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The Essential Commodities (Amendment) Act, 2020 was promulgated on June 5th 2020 (as an ordinance), along with two other Bills together constituting the three agricultural laws passed by the government. This law amended the existing Act by removing and deregulating commodities like potatoes, onions, edible oilseeds, cereals, pulses and oils from the list of essential commodities. As an outcome, their supply will now be regulated by the Central Government only under extraordinary circumstances and stock limits will be imposed only in case of 100% and 50% increase in rates of horticultural products and non-perishable agricultural products respectively. The subsequent Bill was cleared in the Rajya Sabha on 19the September, 2020 to become an Act.  (more…)

A much needed rehaul for India’s Agricultural Policies?

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On 27th September 2020, the Government of India brought in the Farmers’ Produce and Commerce (Promotion and Facilitation) Act, 2020 (hereinafter, referred to as the Act) which introduced a pivotal change in India’s agricultural policies. The Act, essentially, aims to provide freedom of choice to the farmers and traders in selling and purchasing farmers’ produce through alternative trading channels and increasing competition in the market. Thus, it allows for barrier-free trade of farmers’ produce outside the physical premises of the markets notified under the various State Agricultural Produce Marketing Committee laws (APMC laws).  (more…)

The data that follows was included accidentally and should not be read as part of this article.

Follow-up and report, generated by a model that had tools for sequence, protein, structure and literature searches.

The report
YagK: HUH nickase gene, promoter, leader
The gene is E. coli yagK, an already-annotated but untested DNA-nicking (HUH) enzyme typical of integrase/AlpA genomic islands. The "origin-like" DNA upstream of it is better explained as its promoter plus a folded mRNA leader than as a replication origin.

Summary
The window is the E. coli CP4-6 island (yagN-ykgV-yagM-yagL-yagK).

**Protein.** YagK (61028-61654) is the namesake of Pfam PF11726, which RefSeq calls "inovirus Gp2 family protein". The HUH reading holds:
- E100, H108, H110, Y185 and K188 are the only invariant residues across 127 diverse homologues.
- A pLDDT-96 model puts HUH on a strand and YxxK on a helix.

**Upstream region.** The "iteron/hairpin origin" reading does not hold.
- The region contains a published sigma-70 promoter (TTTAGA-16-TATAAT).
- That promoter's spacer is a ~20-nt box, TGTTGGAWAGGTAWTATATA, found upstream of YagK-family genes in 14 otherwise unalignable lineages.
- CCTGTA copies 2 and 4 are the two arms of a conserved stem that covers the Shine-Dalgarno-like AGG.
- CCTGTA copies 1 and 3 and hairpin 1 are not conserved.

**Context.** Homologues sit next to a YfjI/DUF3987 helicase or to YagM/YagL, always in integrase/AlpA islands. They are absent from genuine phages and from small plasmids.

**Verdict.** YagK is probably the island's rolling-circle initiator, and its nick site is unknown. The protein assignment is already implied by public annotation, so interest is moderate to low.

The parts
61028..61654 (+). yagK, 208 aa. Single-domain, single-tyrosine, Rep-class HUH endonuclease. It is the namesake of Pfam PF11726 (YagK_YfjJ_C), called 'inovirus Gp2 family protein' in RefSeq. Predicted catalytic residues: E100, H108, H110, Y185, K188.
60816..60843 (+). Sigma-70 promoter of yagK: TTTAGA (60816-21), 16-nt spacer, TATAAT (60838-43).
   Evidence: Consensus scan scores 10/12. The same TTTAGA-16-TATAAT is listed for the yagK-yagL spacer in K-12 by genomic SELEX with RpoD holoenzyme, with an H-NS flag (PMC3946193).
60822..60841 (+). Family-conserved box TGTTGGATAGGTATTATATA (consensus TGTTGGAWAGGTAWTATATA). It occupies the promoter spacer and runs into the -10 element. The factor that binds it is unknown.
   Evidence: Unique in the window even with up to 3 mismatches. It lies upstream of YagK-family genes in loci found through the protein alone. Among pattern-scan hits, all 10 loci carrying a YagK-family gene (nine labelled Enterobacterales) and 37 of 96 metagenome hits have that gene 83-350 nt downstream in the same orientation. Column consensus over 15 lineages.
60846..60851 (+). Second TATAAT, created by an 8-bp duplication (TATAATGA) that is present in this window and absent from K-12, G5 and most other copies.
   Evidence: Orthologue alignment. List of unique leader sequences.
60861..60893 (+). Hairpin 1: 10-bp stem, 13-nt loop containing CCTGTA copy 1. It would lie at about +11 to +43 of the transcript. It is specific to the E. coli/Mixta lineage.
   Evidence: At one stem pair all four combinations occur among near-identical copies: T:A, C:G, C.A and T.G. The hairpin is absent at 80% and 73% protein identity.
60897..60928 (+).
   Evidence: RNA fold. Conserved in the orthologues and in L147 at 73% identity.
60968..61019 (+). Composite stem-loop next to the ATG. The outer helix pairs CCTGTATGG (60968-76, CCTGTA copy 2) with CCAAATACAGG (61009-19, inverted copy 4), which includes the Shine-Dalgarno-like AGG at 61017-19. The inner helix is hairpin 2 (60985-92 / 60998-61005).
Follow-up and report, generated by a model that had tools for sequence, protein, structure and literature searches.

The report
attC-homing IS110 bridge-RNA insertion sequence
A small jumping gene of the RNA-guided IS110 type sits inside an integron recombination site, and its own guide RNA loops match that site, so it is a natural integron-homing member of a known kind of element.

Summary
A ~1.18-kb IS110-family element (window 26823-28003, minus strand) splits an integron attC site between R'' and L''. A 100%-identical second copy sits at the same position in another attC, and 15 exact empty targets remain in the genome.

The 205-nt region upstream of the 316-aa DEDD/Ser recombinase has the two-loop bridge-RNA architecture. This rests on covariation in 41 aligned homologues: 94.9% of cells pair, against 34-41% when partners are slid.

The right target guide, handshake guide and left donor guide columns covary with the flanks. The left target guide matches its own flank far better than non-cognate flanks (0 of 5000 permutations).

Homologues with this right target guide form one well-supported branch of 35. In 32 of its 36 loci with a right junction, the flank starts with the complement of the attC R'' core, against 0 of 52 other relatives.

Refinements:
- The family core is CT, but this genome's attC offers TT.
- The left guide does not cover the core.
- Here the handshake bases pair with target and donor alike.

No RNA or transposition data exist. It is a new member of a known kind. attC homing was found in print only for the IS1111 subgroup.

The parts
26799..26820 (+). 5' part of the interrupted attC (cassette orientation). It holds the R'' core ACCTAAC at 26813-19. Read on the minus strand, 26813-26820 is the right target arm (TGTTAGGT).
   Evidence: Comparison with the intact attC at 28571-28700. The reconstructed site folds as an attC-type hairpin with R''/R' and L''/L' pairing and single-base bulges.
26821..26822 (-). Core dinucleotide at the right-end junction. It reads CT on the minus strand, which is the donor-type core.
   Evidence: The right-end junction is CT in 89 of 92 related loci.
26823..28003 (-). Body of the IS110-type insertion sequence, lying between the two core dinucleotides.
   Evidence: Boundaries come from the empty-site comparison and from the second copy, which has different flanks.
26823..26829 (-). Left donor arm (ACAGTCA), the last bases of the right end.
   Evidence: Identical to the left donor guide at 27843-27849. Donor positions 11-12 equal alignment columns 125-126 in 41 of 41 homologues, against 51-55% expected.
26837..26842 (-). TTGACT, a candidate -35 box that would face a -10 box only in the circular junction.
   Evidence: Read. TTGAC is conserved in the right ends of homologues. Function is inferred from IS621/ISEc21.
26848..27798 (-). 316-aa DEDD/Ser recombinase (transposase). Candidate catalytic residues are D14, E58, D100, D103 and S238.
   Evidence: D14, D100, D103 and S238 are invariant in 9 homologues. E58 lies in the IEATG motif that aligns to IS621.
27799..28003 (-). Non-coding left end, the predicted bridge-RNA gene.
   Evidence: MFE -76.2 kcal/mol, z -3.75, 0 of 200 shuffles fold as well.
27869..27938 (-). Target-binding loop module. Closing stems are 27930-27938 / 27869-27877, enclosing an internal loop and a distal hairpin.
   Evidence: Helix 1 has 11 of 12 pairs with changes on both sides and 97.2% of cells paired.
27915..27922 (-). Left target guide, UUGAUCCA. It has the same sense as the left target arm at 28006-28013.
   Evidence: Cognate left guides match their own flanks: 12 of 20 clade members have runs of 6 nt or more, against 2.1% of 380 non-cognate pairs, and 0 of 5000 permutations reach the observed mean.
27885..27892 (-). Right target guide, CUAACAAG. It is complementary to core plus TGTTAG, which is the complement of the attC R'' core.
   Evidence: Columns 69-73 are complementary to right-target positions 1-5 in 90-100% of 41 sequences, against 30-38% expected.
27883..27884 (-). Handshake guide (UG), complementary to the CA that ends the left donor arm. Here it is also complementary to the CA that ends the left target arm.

The Occupational Safety, Health and Working Conditions Code, 2019: Dodged prerogatives or short-sighted policies?

Introduced in July 2019 in the Lok Sabha as one of the four Codes aimed at labour reforms, the Occupational Safety, Health and Working Conditions Code embodies an amalgam of provisions relating to safety, health, welfare and working conditions of workers by a merger of thirteen major Central laws. Abiding by the constitutional guarantees under Articles 24, 39 (e & f) and 42 and in the wake of the fatalities caused by industrial accidents and inhumane work conditions, this Code assumes great significance in laying down duties and rights of employees and their employers.  (more…)

The Hour of the Basic Income

The spread of COVID-19 has exposed the inadequacy of measures nations claimed they had, to deal with a crisis. A microorganism succeeded in locking down nations, disrupting markets, and exposing loopholes in the existing policies and welfare systems.  As India wades through the stormy seas of averting a health crisis, millions are left bereft of livelihoods and safety nets. The plight of migrant workers has brought to light the true state of our social infrastructure as they were denied basic services to even get back home.